[time-nuts] Subject: Re: Working with SMT parts (Bob Albert)

Bob Stewart bob at evoria.net
Thu Aug 18 22:23:48 EDT 2016

The stuff I use is Chipquik SMD291AX.  The first syringe of it I bought was from Mouser and was 15 grams.  That was back in 2014.  The second syringe I got was SMD291AX10, which is 35 grams.  It's dated 3/15/16, so you can see how long solder paste will last if you take reasonable car of it.  I pumped about 15 grams of that into the original syringe and put them both in the fridge.  I've had the small one out on the workbench for several weeks now, and there doesn't seem to be a problem.  I fold a piece of tape around the needle when it's not in use to keep the air out.  When I pull the tape off, I pump out about a 1/4" string and throw that away.  The rest works just fine.
If you haven't switched to using a hot air gun, I strongly suggest it.  They take a bit of getting used to, but after that, they're a time-saver.  I have the cheap ebay solder station labeled 852D+.  It has solder pencil and hot air.  There are two things I don't like about it.  One is that you can't turn the air flow down enough to use narrow nozzles for anything other than blowing soldered components off the board.  But it's Much better than trying to use a pencil for that chore!  The other is that the tips are attached by tightening a screw.  There are units out there that have a little tool that you use to give the tip a 1/4 turn twist to attach.  I don't change tips much, but not having to wait for the hot air gun to cool down would be nice.  The first time you reach for the hot air gun to shrink tubing or to solder the center pin for an SMA connector, you know you've "arrived".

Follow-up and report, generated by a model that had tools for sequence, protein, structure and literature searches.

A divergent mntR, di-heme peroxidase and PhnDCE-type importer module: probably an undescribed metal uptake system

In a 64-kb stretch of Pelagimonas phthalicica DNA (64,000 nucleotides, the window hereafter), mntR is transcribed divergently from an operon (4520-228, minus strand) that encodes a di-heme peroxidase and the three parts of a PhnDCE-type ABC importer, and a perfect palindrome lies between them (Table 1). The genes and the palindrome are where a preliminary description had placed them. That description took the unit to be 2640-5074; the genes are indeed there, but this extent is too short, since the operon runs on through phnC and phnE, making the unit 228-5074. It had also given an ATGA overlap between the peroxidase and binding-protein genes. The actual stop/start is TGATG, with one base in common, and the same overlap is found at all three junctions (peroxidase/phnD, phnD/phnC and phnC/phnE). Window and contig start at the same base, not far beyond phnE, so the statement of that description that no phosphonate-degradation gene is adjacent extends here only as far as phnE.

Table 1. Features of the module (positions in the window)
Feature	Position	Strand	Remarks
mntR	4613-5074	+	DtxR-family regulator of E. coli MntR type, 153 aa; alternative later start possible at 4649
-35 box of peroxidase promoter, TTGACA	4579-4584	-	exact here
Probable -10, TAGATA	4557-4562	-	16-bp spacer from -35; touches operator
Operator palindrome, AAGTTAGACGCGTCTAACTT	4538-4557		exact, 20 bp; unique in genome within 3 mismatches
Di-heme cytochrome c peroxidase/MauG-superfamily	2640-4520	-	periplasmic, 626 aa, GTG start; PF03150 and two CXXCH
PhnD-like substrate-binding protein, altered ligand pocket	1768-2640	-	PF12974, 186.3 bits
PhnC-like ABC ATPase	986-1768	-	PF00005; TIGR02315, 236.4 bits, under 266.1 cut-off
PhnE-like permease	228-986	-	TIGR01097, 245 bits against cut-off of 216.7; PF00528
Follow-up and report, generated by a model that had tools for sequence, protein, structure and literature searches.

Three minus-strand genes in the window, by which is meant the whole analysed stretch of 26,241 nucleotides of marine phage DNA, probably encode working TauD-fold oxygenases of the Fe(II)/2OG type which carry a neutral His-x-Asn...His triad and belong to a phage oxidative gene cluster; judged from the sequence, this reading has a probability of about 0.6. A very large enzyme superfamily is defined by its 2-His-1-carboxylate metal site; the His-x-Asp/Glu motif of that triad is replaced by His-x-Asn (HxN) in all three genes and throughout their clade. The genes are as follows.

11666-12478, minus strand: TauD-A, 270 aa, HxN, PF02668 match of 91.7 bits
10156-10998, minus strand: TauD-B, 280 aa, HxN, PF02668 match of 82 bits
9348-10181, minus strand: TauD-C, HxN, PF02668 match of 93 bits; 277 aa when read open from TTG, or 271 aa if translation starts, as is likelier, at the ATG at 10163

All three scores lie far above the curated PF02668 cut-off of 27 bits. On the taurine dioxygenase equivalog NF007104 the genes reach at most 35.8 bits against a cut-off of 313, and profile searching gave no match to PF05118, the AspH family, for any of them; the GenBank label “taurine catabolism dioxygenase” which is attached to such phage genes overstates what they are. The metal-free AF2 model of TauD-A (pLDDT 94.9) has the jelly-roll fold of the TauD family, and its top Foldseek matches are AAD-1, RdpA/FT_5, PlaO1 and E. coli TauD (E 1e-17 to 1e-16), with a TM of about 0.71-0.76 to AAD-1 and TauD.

From: Bob Albert via time-nuts <time-nuts at febo.com>
 To: Discussion of precise time and frequency measurement <time-nuts at febo.com> 
 Sent: Thursday, August 18, 2016 8:49 PM
 Subject: Re: [time-nuts] Subject: Re: Working with SMT parts (Bob Albert)
I don't care about lead-free since I am not manufacturing, just repairing or building or experimenting.  But there seems to be more than one way to view this stuff.  Yes, it might be expired, but some say that's not a major issue.  I can't justify the prices asked by US distributors, especially in light of the fact that I use very little.  So the fresh stuff, carefully refrigerated, would be expired by the time I use the second or third scoop of it, anyway.
What's a casual experimenter to do?

    On Thursday, August 18, 2016 3:33 PM, Chuck Harris <cfharris at erols.com> wrote:

 The Chinese are certainly using a lot of solder paste, so they
are a source.  I tend to buy mine from Mouser, Digikey, TekSource,
places like that.

The last stuff I bought was made by Kester, and came from TekSource.

The only problem with using the real sources is in the summer, they
will pack your paste in an ice pack, and send it over night unless
you insist otherwise (and absolve them of any warranty).  That kind
of shipping is very expensive.

And, there is absolutely no possible way the paste you get from
China is going to make it here and follow the manufacturer's
guidelines for safe handling.  So, even if you buy new and pay
a premium price from China, you are getting paste that is expired
by the poor handling (not refrigerated).

I would bet that any paste you get on ebay is expired, for a variety
of reasons.

Also, I only buy tin/lead, though it is getting very hard to find.
It works so much better than lead free.

-Chuck Harris

Bob Albert via time-nuts wrote:
> Well I have found some Chinese sources of 42 - 50 grams on ebay for around $3.  Is
> this the right stuff?  The brand is Mechanics.
> Bob
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